Opposition and supporters of Drag Queen Story Hour make showing in Issaquah

A lack of police at a recent county library board meeting led some to feel intimidated.

Local “Proud Boys” and others opposed to the King County Library System’s Drag Queen Story Hour events showed up in Issaquah on Wednesday to voice their opposition to the events. The showing comes ahead of major Pride celebrations and after recent anti-LGBTQ vandalism in Renton that the FBI has started investigating.

At a June 26 King County Library System (KCLS) board meeting, large groups of both supporters and opponents of the events showed up to voice their opinions. This included some who may be associated the Proud Boys, a right-wing violent street fighting organization.

KCLS spokesperson Julie Acetson said both sides followed meeting protocol, but that so many people showed up to testify, the public comment was split into two parts.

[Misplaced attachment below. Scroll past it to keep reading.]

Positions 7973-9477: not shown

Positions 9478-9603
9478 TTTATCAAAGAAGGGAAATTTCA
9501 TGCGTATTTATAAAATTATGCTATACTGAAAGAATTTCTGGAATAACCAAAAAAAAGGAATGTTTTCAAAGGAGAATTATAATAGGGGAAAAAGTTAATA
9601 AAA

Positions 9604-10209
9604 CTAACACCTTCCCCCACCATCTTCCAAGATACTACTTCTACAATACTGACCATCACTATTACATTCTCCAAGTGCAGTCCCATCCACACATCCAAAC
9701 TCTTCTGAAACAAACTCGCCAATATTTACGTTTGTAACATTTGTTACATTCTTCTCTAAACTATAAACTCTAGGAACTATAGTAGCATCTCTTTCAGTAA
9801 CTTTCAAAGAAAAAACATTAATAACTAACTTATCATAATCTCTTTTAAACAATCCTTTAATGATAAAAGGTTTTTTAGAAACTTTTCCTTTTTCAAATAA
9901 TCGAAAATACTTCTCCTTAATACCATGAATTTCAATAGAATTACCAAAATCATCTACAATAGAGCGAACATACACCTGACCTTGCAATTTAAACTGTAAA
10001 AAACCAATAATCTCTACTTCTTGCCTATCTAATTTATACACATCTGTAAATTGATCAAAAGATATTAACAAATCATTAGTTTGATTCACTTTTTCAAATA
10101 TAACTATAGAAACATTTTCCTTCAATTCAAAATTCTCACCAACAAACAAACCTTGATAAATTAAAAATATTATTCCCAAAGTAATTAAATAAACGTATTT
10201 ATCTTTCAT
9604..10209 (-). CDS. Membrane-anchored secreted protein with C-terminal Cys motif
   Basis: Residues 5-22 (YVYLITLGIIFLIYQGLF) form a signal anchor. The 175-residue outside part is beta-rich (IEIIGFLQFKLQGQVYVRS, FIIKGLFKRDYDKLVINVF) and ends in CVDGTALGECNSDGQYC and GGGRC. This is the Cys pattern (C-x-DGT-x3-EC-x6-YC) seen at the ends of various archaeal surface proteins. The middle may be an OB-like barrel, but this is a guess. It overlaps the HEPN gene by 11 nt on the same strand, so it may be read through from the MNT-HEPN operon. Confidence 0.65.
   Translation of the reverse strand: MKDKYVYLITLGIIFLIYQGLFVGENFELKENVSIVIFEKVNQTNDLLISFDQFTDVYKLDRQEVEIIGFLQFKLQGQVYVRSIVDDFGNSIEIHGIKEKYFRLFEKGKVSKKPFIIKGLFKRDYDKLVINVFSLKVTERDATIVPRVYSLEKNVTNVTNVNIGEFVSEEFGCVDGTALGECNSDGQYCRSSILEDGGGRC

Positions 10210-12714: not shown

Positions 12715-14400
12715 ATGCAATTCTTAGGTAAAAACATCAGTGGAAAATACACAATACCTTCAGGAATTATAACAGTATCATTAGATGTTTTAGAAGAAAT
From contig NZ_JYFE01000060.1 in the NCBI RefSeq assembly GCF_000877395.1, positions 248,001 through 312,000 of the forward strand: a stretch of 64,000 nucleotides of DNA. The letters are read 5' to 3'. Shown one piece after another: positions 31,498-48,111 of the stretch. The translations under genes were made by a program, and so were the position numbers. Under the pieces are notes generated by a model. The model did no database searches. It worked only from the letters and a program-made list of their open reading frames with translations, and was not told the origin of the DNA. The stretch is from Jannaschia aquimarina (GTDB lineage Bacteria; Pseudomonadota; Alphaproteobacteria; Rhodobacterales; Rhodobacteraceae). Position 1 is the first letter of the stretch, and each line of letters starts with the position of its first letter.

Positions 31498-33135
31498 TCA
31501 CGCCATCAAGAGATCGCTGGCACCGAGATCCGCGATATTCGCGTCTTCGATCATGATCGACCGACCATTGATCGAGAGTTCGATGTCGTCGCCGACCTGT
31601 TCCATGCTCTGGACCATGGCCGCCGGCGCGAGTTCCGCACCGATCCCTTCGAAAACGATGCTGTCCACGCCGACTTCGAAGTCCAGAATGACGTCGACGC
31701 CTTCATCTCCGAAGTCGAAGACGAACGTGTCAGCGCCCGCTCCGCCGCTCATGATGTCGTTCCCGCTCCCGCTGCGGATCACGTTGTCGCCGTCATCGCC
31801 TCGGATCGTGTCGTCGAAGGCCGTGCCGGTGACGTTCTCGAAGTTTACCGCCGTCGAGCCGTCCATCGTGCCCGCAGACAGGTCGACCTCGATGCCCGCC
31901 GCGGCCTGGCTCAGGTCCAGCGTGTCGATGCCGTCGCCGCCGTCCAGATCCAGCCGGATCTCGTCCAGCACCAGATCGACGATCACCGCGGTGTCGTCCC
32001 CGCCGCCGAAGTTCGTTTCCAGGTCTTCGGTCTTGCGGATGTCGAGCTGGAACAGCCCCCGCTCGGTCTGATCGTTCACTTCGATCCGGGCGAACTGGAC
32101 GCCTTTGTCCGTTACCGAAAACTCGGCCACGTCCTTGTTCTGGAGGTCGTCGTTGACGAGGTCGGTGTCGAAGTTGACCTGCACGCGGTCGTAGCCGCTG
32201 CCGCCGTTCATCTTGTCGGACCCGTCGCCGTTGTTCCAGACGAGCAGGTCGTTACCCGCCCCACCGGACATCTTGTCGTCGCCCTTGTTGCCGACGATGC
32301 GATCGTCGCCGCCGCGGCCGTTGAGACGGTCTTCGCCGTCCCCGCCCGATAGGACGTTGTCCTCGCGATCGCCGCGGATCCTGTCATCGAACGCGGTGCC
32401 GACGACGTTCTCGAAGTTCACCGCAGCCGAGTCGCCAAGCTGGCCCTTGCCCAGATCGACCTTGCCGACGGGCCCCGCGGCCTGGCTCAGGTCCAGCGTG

At the Issaquah gathering, a group of about 10 men wearing “Make America Great Again” hats and black shirts with Operation Cold Front logos and the words “security” and “press” stood at the front of the room on either side of the audience. Others, attendee Kate Solomon said, wore knock-off Fred Perry shirts — which have become associated with Proud Boys and the alt-right.

Solomon attended the meeting in support of the storytime events and was joined by others from the LGBTQ community. While she thinks the Drag Queen Story Hours are a “wonderful thing,” she notes there has been a lot of harassment occurring over the past couple of weeks.

Pride flags were torn down in front of businesses and there has been a concerted effort to share the private information of local drag queens on social media, a practice commonly known as doxxing. Similar behavior was displayed at the Issaquah meeting, she said.

Online debates have broken out over the story hours and teen Pride events hosted by the county library system. Solomon said a group of moms “affiliated with an anti-LGBTQ group” said they were going to attend the meeting and speak out against the Drag Queen Story Hour events, which are new to the county this year.